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    Israel: An Overview of Export Options



Israel's strategy to export to immediate neighbors does not dismiss the fact Israel will still seek to reach further markets. Exports routes remain complicated.

by: Karen Ayat

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Natural Gas & LNG News, News By Country, , Israel, Top Stories, East Med Focus

Israel: An Overview of Export Options

Recent talks between Israel and its immediate neighbours have suggested that the newly gas rich country has opted for exports regionally. The strategy does not however dismiss the fact that Israel will still aim to reach further markets, in Europe or Asia. The decision to export approximately 40% of its gas means that Israel will still have a lot of gas to sell after potentially having supplied Jordan, the Palestinian Authority and Egypt with natural gas from its Tamar and Leviathan fields. Which markets will Israel attempt to reach and via which route is where it gets a bit trickier.

Energy analysts agree, almost unanimously, that if the Eastern Mediterranean turned out to be blessed with gas, it has been cursed by neverending geopolitical tensions that threaten to slow down or even halt a promised regional prosperity resulting from the monetizing of offshore gas riches. But what are Israel’s export options? Will it go for LNG, FLNG or pipeline?

Israel’s talks with Woodside led to believe that it had chosen the LNG option for the flexibility such a move would provide. Liquefying natural gas for exports to Asian markets would be lucrative. However, with Israel’s new strategy to take advantage of regional shortfalls first, it might have put aside the costly and complicated endeavour of building an LNG terminal. At least for now. Environmental and security concerns could have also deterred such an onshore project. A floating LNG could still be a possible solution in the future, although Israel has not expressed its intention to opt for this new technology yet.

The two possible scenarios left would be to use Cyprus’ LNG facility for liquefying and exporting the gas from Israel’s giant Leviathan or building a pipeline to Turkey. Going for Cyprus’ proposal in conjunction to exporting to Israel’s immediate surrounding remains a possible scenario that the island would happily welcome. The recent downsizing of Cyprus’ Aphrodite field in Block 12 has, if not halted, certainly delayed the island’s multi-billion dollar project and an Israeli participation would certainly speed up the progress of the project. Israel might however seek to diversify its energy routes for security reasons.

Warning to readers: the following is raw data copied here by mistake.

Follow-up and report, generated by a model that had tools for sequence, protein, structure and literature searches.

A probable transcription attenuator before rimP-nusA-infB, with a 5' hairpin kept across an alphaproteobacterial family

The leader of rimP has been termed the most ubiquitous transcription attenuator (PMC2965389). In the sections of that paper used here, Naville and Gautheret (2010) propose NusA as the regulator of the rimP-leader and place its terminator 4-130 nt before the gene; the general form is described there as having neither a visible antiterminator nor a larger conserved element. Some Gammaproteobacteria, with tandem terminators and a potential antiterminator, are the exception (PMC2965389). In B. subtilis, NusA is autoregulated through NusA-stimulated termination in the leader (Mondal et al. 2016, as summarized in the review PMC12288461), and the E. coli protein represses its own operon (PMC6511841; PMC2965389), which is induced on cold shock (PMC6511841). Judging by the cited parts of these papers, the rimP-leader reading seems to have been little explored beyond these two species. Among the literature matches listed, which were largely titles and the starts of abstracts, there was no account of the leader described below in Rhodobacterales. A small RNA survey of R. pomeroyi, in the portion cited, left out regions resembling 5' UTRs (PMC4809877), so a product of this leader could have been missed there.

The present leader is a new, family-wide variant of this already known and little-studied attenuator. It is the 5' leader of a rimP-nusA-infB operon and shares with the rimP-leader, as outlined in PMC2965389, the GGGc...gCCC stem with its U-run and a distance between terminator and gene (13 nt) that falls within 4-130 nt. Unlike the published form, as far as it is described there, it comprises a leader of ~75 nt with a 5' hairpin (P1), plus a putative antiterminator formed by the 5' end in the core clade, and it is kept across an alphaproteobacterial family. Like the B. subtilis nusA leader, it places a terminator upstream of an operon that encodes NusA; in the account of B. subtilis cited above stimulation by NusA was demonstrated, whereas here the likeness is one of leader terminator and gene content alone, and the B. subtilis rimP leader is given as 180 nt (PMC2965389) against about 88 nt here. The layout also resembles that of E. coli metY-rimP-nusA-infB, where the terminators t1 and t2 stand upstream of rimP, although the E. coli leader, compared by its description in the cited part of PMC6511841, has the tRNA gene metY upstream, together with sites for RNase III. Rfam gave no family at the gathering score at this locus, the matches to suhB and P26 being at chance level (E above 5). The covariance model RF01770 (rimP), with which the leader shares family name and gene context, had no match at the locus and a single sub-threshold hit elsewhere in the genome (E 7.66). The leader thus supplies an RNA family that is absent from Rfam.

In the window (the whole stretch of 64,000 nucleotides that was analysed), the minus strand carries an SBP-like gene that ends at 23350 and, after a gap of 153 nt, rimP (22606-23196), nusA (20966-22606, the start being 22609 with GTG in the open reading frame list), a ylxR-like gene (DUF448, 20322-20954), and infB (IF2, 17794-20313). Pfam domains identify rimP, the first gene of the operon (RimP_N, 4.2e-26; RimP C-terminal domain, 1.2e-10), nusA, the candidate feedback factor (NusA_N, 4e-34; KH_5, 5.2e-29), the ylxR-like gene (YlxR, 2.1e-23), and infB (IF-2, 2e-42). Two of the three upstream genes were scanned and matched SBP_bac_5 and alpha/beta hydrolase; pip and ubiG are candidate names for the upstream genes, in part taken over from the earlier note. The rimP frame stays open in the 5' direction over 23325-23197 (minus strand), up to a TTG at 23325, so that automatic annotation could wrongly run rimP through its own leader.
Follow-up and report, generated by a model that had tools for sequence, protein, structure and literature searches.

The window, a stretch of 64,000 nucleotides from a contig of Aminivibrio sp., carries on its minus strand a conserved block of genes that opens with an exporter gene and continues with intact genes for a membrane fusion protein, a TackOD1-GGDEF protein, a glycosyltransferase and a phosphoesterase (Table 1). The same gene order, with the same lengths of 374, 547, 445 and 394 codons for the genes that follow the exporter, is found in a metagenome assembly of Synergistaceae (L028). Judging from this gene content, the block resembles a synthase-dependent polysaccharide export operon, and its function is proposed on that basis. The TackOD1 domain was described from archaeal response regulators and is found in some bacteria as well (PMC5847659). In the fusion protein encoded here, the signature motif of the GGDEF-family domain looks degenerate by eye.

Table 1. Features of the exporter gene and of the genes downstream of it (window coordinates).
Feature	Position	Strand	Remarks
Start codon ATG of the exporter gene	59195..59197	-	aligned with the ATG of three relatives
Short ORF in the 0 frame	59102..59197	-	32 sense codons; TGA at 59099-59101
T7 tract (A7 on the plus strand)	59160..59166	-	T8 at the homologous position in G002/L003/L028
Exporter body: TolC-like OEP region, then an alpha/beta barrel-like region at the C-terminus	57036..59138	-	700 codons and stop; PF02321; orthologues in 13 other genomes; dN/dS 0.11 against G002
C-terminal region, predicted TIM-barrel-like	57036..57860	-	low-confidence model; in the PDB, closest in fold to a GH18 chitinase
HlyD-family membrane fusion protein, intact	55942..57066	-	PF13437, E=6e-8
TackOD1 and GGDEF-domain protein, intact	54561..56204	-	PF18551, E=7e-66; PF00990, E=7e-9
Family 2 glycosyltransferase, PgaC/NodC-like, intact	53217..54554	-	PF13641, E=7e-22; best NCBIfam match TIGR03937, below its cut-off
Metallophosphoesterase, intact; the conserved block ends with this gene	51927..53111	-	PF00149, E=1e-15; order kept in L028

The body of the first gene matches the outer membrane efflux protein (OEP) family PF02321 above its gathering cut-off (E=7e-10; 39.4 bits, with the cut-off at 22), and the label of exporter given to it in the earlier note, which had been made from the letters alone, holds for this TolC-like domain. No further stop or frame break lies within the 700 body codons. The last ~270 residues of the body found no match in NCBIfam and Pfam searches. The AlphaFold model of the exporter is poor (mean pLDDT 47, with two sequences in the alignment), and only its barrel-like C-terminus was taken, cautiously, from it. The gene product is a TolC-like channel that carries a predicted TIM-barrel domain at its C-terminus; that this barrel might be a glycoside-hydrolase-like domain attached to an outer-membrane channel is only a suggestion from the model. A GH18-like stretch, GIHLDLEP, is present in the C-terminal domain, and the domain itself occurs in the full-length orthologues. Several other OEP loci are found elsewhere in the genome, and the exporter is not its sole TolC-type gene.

A pipeline to Turkey became possible after the Israeli-Turkish rapprochement in March 2013. Turkey’s pressing need for natural gas and its strategic position at the crossroads the Caucasus, Central Asia, the Middle East and Europe also put it in an advantageous position. The Eastern Mediterranean could supply EU’s additional gas needs. However, such scenario is only likely to materialise if the Cyprus dispute is resolved first (Cyprus and Turkey have had no diplomatic relations since 1974).

For now, with Lebanon’s plans delayed and Israel’s short distance ambitions not yet fully concretised, the only prospect of the Eastern Mediterranean being exported to Europe and/or Asia is the completion of the LNG terminal in Vasilikos Cyprus. Further discoveries by ENI and Total in Cyprus’ EEZ and/or the participation of investors would render the plan feasible and would allow the East Med gas to escape regional barriers.

A dual export strategy, via a Turkish pipeline and a Cyprus LNG, has also been suggested but that scenario will also have to fulfil the same cumulative conditions: a restoration of the Cypriot-Turkish diplomatic ties and a reconfirmation of the shaky Israeli-Turkish relation.

Until then, and regardless of the abundant natural gas discovered in the Levant basin, energy experts find it difficult to see a gas bonanza resulting from the discoveries before a resolution of the various conflicts on the ground.

Karen Ayat is an analyst focused on energy geopolitics in the Eastern Mediterranean.  Email Karen on ayat_karen@hotmail.com. Follow her on Twitter: @karenayat